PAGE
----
One sure shot sign of Kitsch is when someone’s idea stops at the first thought and doesn’t spin off into a more creative zone that produces deeper, more interesting and creative spinoff ideas. This holds true with any creative vision, from telling a story to writing a song to thinking of a name for your business. I’ve long been enamored with the mind that’s capable of stopping at the simple, most obvious thought. Like when looking for a name that implies your hair skills are performed with artistry you settle upon Artistry With Hair and a simple clip art logo of an 80’s couple that must have graced signs, business cards and matchbooks in thousands of salons, many of which were probably also named Artistry With Hair or something perilously close, during that decade when this sign was undoubtedly made. And if it was made later than the 80s, double kitsch points for sticking with so dated a look.
What is just as simple and at the a same time not anywhere near as simple – the kind of organic incongruity that’s become a comfortable pattern in my life – is the matter of my own hair which is having its roots touched up as I write this.
Maintaining my hair style is the simple part. I’ve been cutting it myself every morning for 27 years – long on one side, short on the other, shaved part way up the back or not depending on my mood.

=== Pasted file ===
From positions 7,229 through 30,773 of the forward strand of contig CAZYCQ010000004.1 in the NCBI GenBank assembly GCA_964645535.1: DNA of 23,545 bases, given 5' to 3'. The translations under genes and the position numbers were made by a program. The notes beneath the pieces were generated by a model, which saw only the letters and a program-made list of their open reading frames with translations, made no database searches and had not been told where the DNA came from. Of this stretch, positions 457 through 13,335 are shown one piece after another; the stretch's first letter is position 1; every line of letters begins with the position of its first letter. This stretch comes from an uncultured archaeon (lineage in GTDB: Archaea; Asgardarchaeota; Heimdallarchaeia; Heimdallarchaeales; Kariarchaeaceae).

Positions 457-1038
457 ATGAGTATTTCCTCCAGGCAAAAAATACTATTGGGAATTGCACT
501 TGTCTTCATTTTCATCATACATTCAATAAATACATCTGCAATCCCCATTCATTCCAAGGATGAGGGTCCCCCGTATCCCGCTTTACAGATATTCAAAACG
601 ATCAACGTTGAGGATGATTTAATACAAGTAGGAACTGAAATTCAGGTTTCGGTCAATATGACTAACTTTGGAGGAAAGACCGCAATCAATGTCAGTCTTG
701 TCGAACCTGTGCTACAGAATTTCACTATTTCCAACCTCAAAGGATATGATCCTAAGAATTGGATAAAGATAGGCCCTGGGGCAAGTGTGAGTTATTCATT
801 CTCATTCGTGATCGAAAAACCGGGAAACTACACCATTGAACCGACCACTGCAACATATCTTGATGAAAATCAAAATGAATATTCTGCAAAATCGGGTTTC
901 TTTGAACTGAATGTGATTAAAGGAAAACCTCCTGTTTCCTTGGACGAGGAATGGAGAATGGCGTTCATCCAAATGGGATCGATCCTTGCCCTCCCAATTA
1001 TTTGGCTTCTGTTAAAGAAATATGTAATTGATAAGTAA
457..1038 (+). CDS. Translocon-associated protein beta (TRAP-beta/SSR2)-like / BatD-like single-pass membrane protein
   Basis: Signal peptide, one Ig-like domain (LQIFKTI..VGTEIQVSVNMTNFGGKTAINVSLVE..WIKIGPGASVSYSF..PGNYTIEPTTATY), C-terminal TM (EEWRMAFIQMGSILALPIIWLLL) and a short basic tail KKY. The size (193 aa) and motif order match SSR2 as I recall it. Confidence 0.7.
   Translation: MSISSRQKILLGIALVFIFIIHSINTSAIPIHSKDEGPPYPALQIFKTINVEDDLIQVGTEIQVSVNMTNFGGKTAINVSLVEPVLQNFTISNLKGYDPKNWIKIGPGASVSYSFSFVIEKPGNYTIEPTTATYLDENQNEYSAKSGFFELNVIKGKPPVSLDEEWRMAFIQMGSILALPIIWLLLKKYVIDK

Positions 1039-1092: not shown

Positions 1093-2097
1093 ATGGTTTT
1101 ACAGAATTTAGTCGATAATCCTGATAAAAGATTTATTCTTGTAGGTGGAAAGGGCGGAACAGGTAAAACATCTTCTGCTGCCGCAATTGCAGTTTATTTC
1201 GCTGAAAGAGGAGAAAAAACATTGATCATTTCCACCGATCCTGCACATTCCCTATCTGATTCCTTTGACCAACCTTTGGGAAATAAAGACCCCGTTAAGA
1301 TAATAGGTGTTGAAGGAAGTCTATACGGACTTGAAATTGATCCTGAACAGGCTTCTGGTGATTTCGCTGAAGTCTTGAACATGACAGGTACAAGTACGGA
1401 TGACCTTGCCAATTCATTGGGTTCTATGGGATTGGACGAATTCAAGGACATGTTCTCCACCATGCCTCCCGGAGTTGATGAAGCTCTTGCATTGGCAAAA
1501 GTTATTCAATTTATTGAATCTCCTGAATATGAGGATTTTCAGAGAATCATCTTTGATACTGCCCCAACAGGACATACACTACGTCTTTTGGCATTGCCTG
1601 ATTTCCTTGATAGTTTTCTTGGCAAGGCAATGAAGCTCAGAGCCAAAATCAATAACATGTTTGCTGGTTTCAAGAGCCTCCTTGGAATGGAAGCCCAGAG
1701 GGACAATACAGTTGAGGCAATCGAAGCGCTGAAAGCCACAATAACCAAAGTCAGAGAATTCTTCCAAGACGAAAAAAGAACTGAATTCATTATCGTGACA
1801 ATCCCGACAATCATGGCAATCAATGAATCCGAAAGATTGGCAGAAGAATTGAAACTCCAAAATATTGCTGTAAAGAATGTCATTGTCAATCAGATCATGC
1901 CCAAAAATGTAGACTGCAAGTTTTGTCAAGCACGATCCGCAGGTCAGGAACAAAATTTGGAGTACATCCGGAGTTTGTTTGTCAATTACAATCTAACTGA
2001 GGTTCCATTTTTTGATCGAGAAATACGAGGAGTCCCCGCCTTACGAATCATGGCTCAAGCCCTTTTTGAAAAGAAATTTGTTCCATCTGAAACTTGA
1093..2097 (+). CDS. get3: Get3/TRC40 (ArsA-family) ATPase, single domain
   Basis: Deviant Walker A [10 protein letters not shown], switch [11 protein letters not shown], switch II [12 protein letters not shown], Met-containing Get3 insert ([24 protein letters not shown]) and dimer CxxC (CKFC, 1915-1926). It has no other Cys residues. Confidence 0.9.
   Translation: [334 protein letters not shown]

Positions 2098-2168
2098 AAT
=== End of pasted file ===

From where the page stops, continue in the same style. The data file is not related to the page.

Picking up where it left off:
Acquiring the hairdo was the not-so-simple part. After having long, curly even locks for 10+ years, a disastrous trip to the hairdressers in 1984 resulted in a wispy Farrah-Fawcett-flippy-bangs-and-whispy-strands-of-hair-around-the-face cut. This was 7 years after The Farrah hit which caused me, always style conscious and never wanting to embrace a trend unless I was one of the first ones there, to go into a 31 day lockdown cutting more and a little bit more off one side every day in attempts to find an ideal length. Finally, I was forced to go out lopsided as months before I had invited a bunch of frends to see the opening screening of Rhinestone, a really bad, kitsch filled film starring Dolly Parton and Sylvester Stallone. When no one even reacted that something very wrong was going on on one side of my head I figured it just looked natural and stayed with it, uncommitted to a perfect length to this day. It led to a fantastic conversation with Farrah about my hair. And here we are 27 years later with me still lopsided. Such is the nature of “Artistry With Hair”.